Dreaming LifeDreaming Life

Have you ever had an out of body experience, when you felt like you were looking at the world from a vantage point outside of your body? If you have, you are not alone. In fact, it is estimated that between 5 and 35 percent of people have experienced an out of body experience at least once in their lives.

Why Do Out of Body Experiences Occur?

Scientists believe that an out of body experience, or OBE, happens when your senses stop providing you with information from the outside world, but you are still conscious. You still feel like you have a body, and that the world that you perceive around you is the world you've always known. However, you're not getting those feelings from your senses. You're getting them from your brain, which has created a mental model of your body and your environment.

This is most likely to happen when you pass directly from wakefulness to rapid eye movement (REM) sleep, the stage of sleep when most dreaming occurs. We know that most OBEs take place when the person who experiences them is in bed, resting or sleeping.

In an experiment that was performed in the first decade of the 21st century, neuroscientists found evidence that OBEs are caused by a disconnect in the brain circuits that process information from the senses. Researchers had volunteers put on virtual reality goggles, then stand in front of a camera so they could see images of their own backs through the goggles. The researchers then stroked the volunteers' real backs with pens. The volunteers saw their "virtual" backs being stroked with "virtual" pens, sometimes with a time lag after the real event. The volunteers said that the sensation of being stroked seemed to come from the pens on their virtual backs. They felt that their virtual backs were their real backs.

Out of Body Experiences and Lucid Dreams

People who tend to have OBEs are also likely to be lucid dreamers.

There are two types of lucid dreams. One type is called a "dream-initiated lucid dream" (DILD). In a DILD, you realize that you are dreaming while you are in the middle of the dream.

The other type is known as a "wake-initiated lucid dream" (WILD). In a WILD, you wake up from a dream, then go back to dreaming in the same state of awareness that you had when you were awake. You know that you have moved from your bed into a dream world.

About four fifths of lucid dreams are DILDs and about one fifth are WILDs. However, when someone experiences an out of body experience as part of a lucid dream, it is much more likely to take place during a WILD.

When a WILD takes place, you move directly from wakefulness to REM sleep. When you are awake, you are experiencing your body and your environment through your senses. Then, when you enter REM sleep, you enter a state in which you experience a different body and a different environment - your dream body and your dream world. This is what is thought to happen when you have an OBE.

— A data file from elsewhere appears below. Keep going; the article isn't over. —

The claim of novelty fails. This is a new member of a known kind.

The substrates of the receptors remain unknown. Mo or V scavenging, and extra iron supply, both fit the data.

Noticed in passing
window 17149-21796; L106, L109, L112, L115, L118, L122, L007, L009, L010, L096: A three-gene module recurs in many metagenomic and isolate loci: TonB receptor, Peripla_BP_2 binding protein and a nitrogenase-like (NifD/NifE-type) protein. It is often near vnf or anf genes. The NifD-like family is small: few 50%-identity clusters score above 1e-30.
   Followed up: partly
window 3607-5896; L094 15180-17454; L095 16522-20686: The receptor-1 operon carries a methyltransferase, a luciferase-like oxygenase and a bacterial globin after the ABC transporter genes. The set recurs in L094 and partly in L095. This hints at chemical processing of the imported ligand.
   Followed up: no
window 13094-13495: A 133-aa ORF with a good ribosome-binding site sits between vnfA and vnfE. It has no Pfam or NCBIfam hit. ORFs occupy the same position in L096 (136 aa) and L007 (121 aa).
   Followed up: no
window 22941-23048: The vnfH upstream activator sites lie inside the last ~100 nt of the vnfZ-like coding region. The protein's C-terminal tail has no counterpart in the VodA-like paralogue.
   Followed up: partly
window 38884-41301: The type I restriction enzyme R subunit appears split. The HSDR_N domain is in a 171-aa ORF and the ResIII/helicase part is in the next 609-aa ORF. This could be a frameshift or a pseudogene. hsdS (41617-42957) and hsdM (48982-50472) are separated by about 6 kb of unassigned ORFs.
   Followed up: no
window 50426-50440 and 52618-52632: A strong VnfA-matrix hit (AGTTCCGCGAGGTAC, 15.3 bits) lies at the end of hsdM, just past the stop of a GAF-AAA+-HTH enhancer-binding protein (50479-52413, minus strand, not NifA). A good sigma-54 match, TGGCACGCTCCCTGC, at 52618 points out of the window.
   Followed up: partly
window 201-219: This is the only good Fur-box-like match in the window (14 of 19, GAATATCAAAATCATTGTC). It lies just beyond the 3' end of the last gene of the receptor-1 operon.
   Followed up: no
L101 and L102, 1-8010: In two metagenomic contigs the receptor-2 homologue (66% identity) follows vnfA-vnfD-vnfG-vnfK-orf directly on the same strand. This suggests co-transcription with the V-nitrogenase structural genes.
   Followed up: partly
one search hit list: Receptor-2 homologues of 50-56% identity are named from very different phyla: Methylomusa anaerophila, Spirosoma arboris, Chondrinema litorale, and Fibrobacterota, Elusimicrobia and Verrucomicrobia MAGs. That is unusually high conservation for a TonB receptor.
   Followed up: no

Out of Body Experiences and Sleep Paralysis

OBEs are similar to sleep paralysis, a condition that sometimes occurs when a person is falling into or waking up from REM sleep. During REM sleep, the major voluntary muscles of the body become paralyzed. Sometimes, the body becomes or stays paralyzed while the mind is fully conscious, and sleep paralysis occurs.

It is common for people who have experienced OBEs also to have experienced sleep paralysis.

Sometimes when people experience sleep paralysis, they feel like they are separated from their bodies. They sometimes feel vibrations or hear strange noises, symptoms that people also experience when they are having OBEs.

What's Happening in Your Brain When You Have an Out of Body Experience?

OBEs seem to be related to the workings of the temporoparietal junction (the juncture of the temporal and parietal lobes of the brain). This area of the brain plays in an important role in providing you with a sense of self and the ability to distinguish yourself from others.

Neuroscientists have found that people who had OBEs after experiencing brain damage had injuries at the temporoparietal junction.

OBEs can be induced by stimulating the angular gyrus, which is located in this region. Early in the 21st century, two women who were being evaluated for epilepsy surgery by Dr. Olaf Blanke at University Hospital in Geneva were given electric shocks to the angular gyrus. One woman felt that she was on the ceiling, observing her body below. The other woman had the feeling that someone was behind her, shadowing all her actions. Because the actions of the shadow person exactly mirrored the woman's actions, Dr. Blanke concluded that she was perceiving her own body as though it belonged to someone else.

Dr. Blanke also performed an experiment in which healthy subjects were asked to imagine they were having an OBE. When they did this, their brains became active at the temporoparietal junction.

In another case, which was reported in the New England Journal of Medicine, a man had electrodes planted over the right side of the temporoparietal junction to try to cure him of tinnitus. Whenever this area was stimulated, he experienced an OBE.